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Lynchburg City Schools turns suspensions into solutions

A teacher walks around a room where students are engaged in computer work.
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Instead of serving out-of-school suspension at home, Lynchburg students attend the Restorative Suspension Center to serve their short-term suspension, which can last up to 10 days.

The Restorative Suspension Center focuses on conflict resolution, repairing past harm and healing relationships.

When Lynchburg City Schools students enter the Restorative Suspension Center, they know expectations are high.

For the past year, the school division has taken a new approach to discipline. Typically, when a student is suspended, they’re sent home. But LCS said students now serve suspensions at RSC — inside the Amelia Pride House, next to Dunbar Middle School for Innovation.

“Eighty percent of the time, when a student comes [to the Restorative Suspension Center], they don't return. So, that's much better than the 60% that we were seeing that were continuing to get resuspended,” said Derrick Brown, LCS director of student services. “Only 10% of the time, students are returning for the same offense, whereas before they were being suspended over and over for the same behaviors and the same referrals.”

RSC opened in February 2023 as part of LCS Restore, holistic programming designed to empower students to succeed academically and emotionally through restorative practices.

At RSC, students are engaged in all-day programming that helps them complete their classwork, so they don’t fall behind their cohort in traditional classrooms. The center also focuses on resolving conflict, repairing harm and healing relationships.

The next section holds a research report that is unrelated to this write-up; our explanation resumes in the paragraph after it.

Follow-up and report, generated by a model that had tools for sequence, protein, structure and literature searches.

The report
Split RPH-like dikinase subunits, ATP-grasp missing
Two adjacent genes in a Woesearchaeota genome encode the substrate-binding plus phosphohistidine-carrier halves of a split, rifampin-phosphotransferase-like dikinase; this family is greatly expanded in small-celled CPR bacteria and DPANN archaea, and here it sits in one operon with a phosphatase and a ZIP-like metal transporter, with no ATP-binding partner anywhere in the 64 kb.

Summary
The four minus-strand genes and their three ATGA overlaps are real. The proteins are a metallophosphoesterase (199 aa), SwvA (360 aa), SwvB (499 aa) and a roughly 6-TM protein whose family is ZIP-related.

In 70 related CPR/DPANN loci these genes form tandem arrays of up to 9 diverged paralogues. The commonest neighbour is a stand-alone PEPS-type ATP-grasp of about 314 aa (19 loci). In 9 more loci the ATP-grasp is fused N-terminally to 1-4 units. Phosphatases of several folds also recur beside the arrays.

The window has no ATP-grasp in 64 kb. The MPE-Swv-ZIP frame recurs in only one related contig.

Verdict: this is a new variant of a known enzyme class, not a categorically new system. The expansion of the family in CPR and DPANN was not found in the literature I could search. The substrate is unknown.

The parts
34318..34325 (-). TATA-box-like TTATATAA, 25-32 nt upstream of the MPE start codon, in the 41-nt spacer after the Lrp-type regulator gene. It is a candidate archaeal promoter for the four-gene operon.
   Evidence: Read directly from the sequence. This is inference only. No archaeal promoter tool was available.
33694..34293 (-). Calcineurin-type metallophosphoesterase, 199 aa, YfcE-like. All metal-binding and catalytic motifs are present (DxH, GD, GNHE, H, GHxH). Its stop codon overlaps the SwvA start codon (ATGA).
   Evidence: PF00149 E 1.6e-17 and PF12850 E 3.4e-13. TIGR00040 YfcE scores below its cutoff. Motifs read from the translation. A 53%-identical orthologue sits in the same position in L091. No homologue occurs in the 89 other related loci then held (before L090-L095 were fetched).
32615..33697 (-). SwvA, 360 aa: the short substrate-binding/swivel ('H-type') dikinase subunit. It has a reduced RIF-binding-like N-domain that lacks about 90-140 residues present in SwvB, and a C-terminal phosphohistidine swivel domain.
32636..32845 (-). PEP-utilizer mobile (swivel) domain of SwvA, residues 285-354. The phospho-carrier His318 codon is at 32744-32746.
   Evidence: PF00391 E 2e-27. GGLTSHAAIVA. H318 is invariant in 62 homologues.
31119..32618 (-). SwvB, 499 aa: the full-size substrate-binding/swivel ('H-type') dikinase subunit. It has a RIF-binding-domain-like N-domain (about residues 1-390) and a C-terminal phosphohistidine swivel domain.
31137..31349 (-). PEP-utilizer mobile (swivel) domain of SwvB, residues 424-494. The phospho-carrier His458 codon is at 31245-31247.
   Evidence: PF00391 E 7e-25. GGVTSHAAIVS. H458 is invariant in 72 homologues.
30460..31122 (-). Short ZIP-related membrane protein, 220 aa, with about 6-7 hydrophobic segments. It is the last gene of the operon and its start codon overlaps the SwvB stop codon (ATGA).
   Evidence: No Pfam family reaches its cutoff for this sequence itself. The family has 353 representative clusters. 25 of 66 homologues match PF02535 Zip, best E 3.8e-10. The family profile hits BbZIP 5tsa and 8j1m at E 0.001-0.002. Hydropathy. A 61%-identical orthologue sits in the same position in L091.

Every morning, Robere Sandifer, a restorative interventionist at LCS, sets the tone in his classroom by playing relaxing music, greeting each student and enforcing a cell-phone free policy.

Sandifer is a Lynchburg native who’s had experiences similar to many of his students.

“I got suspended. I came from a broken home and everything,” Sandifer said. “I always tell them that you can use your past as an anchor to weigh you down the rest of your life or you can use it as stepping stones.”

Jerett Martin, the center’s coordinator, frequently leads students in “a circle” — a fundamental tool in restorative practices. They serve as structured forms of dialogue, and promote healing and conflict resolution.

“I think these restorative practices are going back to baseline respect, accountability [and] just being a good productive citizen to make the world a better place,” Martin said.

In the circle, Martin sets boundaries and guidelines that can be applied to the classroom and home-life balance. He then works with students to develop a game plan for when they return to their base school.

“Some students just want you to do small check-ins with them and bring them treats or rewards because they've been doing so well,” Martin said. “Sometimes we do 21-day challenges, where we reward the students for being [present] for 21 days and working on some habits that they may need to break.”

The school system has also partnered with a Danville human services organization, Life Push, that comes to the restorative center each day to hold group sessions. Life Push uses its “5 Phases of Human Engagement,” which aims to facilitate supportive and effective conversations.

Brown said the program’s success stems from it holding students accountable — while also imparting an important message.

“We don't just throw them away. It's important for them to be restored and for them to have people that care about them. They need to know that when they make a mistake or they mess up, it doesn't mean that they're a bad student,” Martin said. “It just means that they made a mistake. And we're all humans, we make mistakes. But we should always grow from those mistakes, and we should learn and we should get better. ”

Lynchburg City Schools is planning to expand its restorative programs, which are funded through $10 million in federal and state grants, according to a school spokesperson.

Aside from the Restorative Suspension Center, it has academies focused on holistic growth by providing intensive behavior intervention and social-emotional learning for elementary and secondary students.

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